But Debra couldn't. She just closed her eyes and thought of her sister lying there on the beach. It sounded funny to say it, but at that instant, she felt her sister's spirit come inside of her.
"I know she is gone," she thought.
A twist of fate?
They were both gone.
On Aug. 24, Bob Beaudry and Denise Willer died from a single flash of lightning. Although the paramedics arrived only minutes after the lightning strike, neither they nor bystanders were able to revive Bob and Denise.
They are among 92 people who have been killed or injured by lightning in Florida this year, the highest number since weather officials began keeping track in 1959, according to a recent estimate.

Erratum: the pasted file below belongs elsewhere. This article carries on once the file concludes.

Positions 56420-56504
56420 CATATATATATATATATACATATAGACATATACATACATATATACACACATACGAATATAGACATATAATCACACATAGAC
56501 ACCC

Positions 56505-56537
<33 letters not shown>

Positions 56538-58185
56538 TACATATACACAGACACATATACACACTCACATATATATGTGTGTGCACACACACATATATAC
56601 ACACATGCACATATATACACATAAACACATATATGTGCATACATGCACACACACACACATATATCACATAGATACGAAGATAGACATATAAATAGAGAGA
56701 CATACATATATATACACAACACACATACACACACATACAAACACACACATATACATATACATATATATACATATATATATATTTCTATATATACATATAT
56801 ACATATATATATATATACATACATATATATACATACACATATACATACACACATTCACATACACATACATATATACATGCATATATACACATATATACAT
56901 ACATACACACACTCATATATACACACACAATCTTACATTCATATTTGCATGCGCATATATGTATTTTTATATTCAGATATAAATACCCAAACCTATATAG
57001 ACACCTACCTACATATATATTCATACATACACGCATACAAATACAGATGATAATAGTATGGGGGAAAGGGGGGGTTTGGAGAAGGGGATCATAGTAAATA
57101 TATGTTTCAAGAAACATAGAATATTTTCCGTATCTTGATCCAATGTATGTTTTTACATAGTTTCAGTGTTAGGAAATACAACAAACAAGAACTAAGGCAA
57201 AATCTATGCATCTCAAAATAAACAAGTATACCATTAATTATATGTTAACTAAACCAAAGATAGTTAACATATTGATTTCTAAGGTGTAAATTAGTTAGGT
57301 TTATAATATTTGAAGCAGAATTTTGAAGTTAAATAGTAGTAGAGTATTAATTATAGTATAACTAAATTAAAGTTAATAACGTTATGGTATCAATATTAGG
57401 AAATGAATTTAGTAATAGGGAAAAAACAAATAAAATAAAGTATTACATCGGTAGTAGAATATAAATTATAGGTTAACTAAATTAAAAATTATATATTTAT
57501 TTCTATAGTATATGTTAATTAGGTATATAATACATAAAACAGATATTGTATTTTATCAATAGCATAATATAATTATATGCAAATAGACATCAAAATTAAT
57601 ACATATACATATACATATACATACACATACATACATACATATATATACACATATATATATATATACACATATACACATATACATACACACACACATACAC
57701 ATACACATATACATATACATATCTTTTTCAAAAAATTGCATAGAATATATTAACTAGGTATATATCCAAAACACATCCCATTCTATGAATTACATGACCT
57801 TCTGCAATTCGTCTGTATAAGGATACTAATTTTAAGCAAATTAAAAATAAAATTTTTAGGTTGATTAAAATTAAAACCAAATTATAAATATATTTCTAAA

The lightning that struck Bob and Denise has captured the attention of scientists as far away as Colorado. It was all so strange.
Why did an otherwise quiet storm suddenly throw down a deadly thunderbolt as it approached Siesta Beach?
And why -- with dozens of people on the beach, including Denise's twin sister at her side -- did the lightning single out the two strangers passing by one another?
Theories abound. A sudden rush of warm air from the beach may have stirred up the cloud's electrical charges, causing a split-second lightning storm. Bob and Denise may have walked into the spot where lightning found the path of least resistance. Perhaps the events were shaped by some divine hand.
No one knows for sure.
Says meteorologist Robert Balfour: "It was kind of the bolt out of the blue."